Saturday, December 17, 2011

"Sherlock Holmes: A Game of Shadows" (2011)

Starring Robert Downey Jr., Jude Law and Noomi Rapace
Written by Kieran Mulroney and Michele Mulroney
Directed by Guy Ritchie
Rated PG-13 - Violence, language, brief nudity
Running Time: 128 Minutes
Trailer

"More of the same" is sometimes what you can call sequels of this ilk.  But when it's enjoyable, is that really a problem?

Sherlock Holmes (Robert Downey Jr.) is investigating the biggest case of his career.  The world's greatest detective not named Bruce Wayne has connected a series of crimes and terrorist acts to one Professor James Moriarty (Jared Harris), but is unable to prove it.  Tensions are rising between France and Germany as a series of bombings in both countries point towards the other.  Holmes' brother Mycroft (Stephen Fry) warns Holmes that a summit is approaching, and that war between the two powers may be inevitable.

Meanwhile, Dr. John Watson (Jude Law) is about to be married to his fiancee Mary (Kelly Reilly).  Holmes uses Watson's bachelor party as an excuse to track down a Gypsy woman named Sim, whose brother is somehow connected to Moriarty's plans.  But Moriarty informs Holmes that he cannot allow Holmes to interrupt his schemes, nor can he ignore Watson's involvement in them, and sends a hit squad to kill Watson and Mary on their honeymoon.  Holmes intervenes, rescuing the two, and he and Watson set off to France with Sim to find her brother, uncover Moriarty's nefarious plan and stave off worldwide war.



It still seems odd to me to have an action/adventure movie based around Sherlock Holmes, but the truth is that it does work.  There's a confluence of solid scripting, energetic direction and fine casting that produces a brawny action flick full of fist-fights, explosions and shootouts but with just enough brains to be somewhat satisfying on an intellectual level.  It can't escape the feeling of being just a bit "dumbed down," though, but the results are fun and entertaining.

Robert Downey Jr. commands attention at all times, no matter how ridiculous or buffoonish they seem to take the character of Holmes.  Holmes is, of course, surrounded by characters who think him ridiculous, but Holmes' results speak for themselves. Holmes spends a lot of time in this movie coming up with various disguises to hide himself from his enemies, most of them are pretty ridiculous, especially one scene where he pretends to be a woman on a train.  As Downey has proven so many times in the last few years, he's easily capable of spouting off quick, witty dialogue, even when putting on different accents.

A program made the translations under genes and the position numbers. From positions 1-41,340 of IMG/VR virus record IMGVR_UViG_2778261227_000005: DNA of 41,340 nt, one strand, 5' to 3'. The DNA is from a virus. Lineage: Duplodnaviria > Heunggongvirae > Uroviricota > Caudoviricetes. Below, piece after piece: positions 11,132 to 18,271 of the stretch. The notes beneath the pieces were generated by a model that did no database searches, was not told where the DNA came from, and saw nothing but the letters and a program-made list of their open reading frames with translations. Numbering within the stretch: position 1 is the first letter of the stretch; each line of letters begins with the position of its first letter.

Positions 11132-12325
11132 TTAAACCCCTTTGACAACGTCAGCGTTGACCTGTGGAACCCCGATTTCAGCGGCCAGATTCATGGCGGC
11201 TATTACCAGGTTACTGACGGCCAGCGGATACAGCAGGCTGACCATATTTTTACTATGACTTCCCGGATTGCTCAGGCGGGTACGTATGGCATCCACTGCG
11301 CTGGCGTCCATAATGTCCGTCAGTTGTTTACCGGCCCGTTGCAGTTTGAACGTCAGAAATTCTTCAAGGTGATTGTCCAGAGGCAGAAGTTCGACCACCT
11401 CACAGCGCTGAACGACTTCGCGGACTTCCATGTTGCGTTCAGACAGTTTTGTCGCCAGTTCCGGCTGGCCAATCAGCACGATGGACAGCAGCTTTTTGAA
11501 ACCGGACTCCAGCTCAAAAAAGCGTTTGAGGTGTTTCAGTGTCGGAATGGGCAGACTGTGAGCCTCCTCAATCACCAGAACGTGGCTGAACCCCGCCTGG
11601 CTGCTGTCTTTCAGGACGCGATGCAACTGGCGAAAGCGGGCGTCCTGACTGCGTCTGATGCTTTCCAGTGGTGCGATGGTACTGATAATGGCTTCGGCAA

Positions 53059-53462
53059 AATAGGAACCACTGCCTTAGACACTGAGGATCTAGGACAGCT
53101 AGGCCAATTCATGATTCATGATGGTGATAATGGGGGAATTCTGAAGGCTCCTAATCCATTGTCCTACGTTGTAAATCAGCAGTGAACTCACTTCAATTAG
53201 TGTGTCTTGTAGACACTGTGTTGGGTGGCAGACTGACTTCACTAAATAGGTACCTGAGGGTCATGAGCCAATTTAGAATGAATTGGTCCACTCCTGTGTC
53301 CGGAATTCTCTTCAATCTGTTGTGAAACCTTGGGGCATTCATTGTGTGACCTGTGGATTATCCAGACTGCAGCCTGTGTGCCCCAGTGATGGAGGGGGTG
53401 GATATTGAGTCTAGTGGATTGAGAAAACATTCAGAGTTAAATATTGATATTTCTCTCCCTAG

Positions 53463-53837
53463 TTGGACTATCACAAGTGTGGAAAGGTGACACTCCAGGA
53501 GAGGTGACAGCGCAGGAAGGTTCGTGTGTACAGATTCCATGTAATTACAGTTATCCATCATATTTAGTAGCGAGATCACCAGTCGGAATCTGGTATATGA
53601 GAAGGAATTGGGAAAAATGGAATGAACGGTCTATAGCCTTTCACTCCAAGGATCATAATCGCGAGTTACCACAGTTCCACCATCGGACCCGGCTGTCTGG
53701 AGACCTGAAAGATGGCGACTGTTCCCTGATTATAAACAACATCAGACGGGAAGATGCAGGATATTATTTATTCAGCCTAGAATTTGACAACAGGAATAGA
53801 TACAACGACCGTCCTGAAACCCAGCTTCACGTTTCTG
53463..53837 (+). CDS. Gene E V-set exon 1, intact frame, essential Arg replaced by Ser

On the other side, Jared Harris makes a fine Moriarty.  He rarely seems menacing, but instead comes off as merely cold, calculating, which may be even scarier than a villain who chews scenery and twirls a mustache.  He works well with Downey.  Moriarty respects Holmes' intelligence, but Holmes is, surprisingly, intimidated by Moriarty's.  It's a fascinating chemistry between the two, and the scenes between them are interesting to watch.

Guy Ritchie once again directs with an unorthodox visual flair, showing us Holmes' thought process during his various violent encounters, or when he's summarizing evidence for Watson and Sim.  The action is thankfully never lost in shaky-camera nonsense, which is great considering all the period costumes and sets.  Ritchie's production designers have crafted a grimy, gritty old London, as well as other locations like Paris, Germany and a mountaintop in Switzerland.  It's all very detailed, but at the same time, it lacks color.  The film has a lot of grays and browns, with very few bright colors save for a few sequences, so it can sometimes look drab.

There are a couple of things about the plot I'm not sure make much sense.  An important assassination, for example, seems like overkill.  An important businessman is shot, and the room he is in blown up to hide the fact that he's been killed by a sniper.  But why bother with the sniper?  Everyone in the room with him was killed by the bomb anyway, so what's the point of shooting him?  I don't think I missed anything, so it seems to me that the entire point of staging the crime in such a fashion was just so that Holmes and Watson can root out the identity of the assassin so they know who to look for.  

Still, there are a number of exciting sequences throughout the film, which never drags as much as I felt the first one did at times.  It moves along at a peppy pace, though it does lack some emotional heft.  A character of some importance is killed early on in the film, and the dramatic weight of that death is rarely considered.  The film gets more mileage out of Watson, which I suppose is more in character, considering Holmes, but it still feels a little hollow.

But again, when you're having fun, such concerns can be allowed to fall by the wayside.  "Sherlock Holmes: A Game of Shadows" is fun, and since that seems to be its aim, then that is really all we need to ask of it.  That it has a measure of cleverness in its plotting and characterization are bonuses. 

See Also
"Sherlock Holmes" (2009)